What trigger warnings are and when they help
Trigger warnings are announcements made preceding a discussion, description or theatrical display of sexual violence, alerting the audience to the fact that it contains potentially distressing material. They’re usually tossed in mid-sentence as someone begins to describe something that could be triggering, or they’re mumbled off before a large presentation. They often include a well-intentioned side note about practicing self-care, while reminding audience members that “it’s OK to get up and leave if you need to,” But the ways these trigger warnings are delivered is often not helpful to the people they are meant to help.
Imagine this: You’re sitting in the middle of an auditorium with your entire grade. It’s just another freshman program, like the other ones you’ve been shuttled to in orientation. Let’s say you or someone close to you has had an experience with assault or sexual violence. You fold your hands waiting for the presentation to begin, and all of the sudden, you hear the words “trigger warning.” Your throat closes, and your heart speeds up just a little. Your body is bracing itself, waiting to go back to that place. If you stand up and leave, you identify yourself as a victim, which you are not prepared to do in front of your entire class. If you stay, then you have to relive your assault through whatever presentation is about to happen.
You choose to stay and cry silently in the back row, sweating and suffering and just hoping that no one can see the look of horror on your face.
The only trigger warnings I’ve received that were actually helpful were the ones that I was given well in advance before the event, with the option of not attending. Take my Abnormal Psychology class: We received an email a week in advance informing us that the presentation the following week would be triggering for sexual assault survivors and that the material would also be covered in the textbook if we chose not to attend that lecture. It was great! I got to make a game plan if I chose to go to class, and it gave me a week to plan for subsequent self-care, rather than being blindsided.
This scenario isn’t common place, though, and that’s scary. Since helpful trigger warnings are few and far between, here’s a list of ways to get out of triggering situations without losing your anonymity.
Fake a sickness. It could be a migraine, the stomach flu, food poisoning or anything in between. Grab your stomach, rest the back of your hand against your forehead and let whatever emotional fatigue you’re feeling show on your face. No one wants to keep someone in a room who is going to throw up. From there, go home and create a safe place for yourself. Deep breaths and grounding techniques can be very helpful. Envision what is happening around you. Actively feel the ground beneath your feet and study whatever is in front of you. Do whatever will make yourself feel happy in that moment (or at least comforted): Watch Netflix, color, anything.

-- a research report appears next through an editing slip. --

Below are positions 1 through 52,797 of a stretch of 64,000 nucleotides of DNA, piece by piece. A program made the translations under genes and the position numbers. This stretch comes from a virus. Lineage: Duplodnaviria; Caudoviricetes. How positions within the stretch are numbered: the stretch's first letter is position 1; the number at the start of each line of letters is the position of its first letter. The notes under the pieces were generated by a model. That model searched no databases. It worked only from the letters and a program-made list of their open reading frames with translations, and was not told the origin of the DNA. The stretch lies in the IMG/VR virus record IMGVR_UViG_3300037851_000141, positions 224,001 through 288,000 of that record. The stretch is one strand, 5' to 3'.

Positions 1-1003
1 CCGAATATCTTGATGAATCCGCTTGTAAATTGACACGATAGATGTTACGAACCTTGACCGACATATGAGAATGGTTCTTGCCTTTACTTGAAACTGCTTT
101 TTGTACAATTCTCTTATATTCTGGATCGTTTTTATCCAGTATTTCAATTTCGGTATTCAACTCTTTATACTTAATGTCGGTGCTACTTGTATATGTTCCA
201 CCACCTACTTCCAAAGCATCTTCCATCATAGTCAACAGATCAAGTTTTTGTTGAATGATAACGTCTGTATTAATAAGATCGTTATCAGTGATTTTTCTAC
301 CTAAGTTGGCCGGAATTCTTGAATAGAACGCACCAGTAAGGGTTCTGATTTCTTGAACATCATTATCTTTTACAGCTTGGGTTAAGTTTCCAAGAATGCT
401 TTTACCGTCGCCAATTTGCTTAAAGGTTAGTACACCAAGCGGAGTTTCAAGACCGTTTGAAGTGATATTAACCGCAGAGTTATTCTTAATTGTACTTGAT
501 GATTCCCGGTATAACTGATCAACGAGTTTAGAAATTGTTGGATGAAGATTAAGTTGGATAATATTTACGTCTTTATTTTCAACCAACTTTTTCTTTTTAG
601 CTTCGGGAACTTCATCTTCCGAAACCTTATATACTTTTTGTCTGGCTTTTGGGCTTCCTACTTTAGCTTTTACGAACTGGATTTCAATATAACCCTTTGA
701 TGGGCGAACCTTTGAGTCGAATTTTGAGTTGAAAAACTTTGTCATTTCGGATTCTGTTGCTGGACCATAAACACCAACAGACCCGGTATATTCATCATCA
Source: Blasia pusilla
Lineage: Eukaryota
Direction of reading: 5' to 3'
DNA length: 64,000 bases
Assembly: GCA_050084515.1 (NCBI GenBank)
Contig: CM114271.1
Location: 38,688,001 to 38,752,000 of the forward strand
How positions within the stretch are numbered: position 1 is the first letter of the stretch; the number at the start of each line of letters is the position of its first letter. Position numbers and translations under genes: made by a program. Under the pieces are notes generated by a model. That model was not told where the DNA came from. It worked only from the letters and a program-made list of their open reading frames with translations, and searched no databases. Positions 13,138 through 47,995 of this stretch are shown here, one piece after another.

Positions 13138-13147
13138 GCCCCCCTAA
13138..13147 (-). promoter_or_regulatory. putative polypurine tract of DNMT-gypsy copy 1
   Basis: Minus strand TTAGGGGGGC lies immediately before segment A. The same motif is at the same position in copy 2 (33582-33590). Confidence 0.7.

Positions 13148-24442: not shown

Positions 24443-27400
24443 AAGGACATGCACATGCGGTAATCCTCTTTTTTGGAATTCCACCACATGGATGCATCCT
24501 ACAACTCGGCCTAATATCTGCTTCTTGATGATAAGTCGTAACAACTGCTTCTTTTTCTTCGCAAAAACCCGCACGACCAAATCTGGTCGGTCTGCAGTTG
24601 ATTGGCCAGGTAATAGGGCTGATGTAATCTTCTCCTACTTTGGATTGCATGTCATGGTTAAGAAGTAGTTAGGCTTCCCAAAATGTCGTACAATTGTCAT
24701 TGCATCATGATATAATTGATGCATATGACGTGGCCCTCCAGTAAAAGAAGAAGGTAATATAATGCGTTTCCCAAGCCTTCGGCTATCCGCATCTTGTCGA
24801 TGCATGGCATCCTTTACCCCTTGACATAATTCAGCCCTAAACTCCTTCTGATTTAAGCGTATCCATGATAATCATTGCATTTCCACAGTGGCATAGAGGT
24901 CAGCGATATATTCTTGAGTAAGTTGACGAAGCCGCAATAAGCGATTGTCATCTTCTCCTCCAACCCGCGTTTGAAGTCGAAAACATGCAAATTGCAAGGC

Along the same note, just say that you need to go to the bathroom. Sure, people might say something demeaning like, “Can’t you just hold it?” But just tell them no. Let the panic paint your face, and cross your legs (or hop up) and then bolt. The sentiment that bodily fluids are never wanted also applies here. If someone tries to look for you, just make sure the stall is locked and lift your feet up on to the toilet seat.
Fake a call from your mom or guardian. Answer this fake call dramatically. Convey the horror you have with the current situation in how you answer the phone. Slowly get up from your seat, hand covering your mouth and tears pooling in your eyes. Nod your head and say “uh-huh, uh-huh,” as you walk out of the room barely containing your emotions. Once again, leave to self-care, and go wherever you feel safest. I personally prefer my room with the door locked or somewhere small and dark and in a corner. If anyone tries to confront you afterward, just say, “it’s family stuff.” If they keep pushing, reiterate that you don’t want to talk about it.
If it’s something like an assembly or a breakout session where you don’t know anyone, you can pretend that you’re in the wrong room. If they haven’t taken roll call or anything, give a fake name. You can also pretend to be a differently categorized student who has walked into the wrong assembly, like a sophomore who’s trying to hear a speaker and accidentally walked into a freshman orientation event.
Forget something in your home that was important. Maybe you really do have your ID on you, but pretend that you don’t. Make all the reasons apparent that you have to have it at that second—and get the heck out of there. This one’s a little weaker, but you can even just say you have a dog, and you didn’t close the door or that you didn’t lock your car. If you’re a freshman, say you left your straightener on (or something to that extent), implying you’re about to set the entire South 40 on fire.
All of these examples involve acting and lying and emotional hardship, and it’s an unfair position to be in, yet this is the reality—and I’m sorry. If you’re in the position to give an effective trigger warning, do it. Even if it’s on a small scale, do it.
If you need to speak to someone or just need help getting out of events that send you into an emotional spiral, contact Kim Webb, Director of the Relationship and Sexual Violence Prevention Center, at firstname.lastname@example.org. She can help you, she’s confidential and avoiding these situations is worth it. Use her for the advocate, friend and therapist that she is.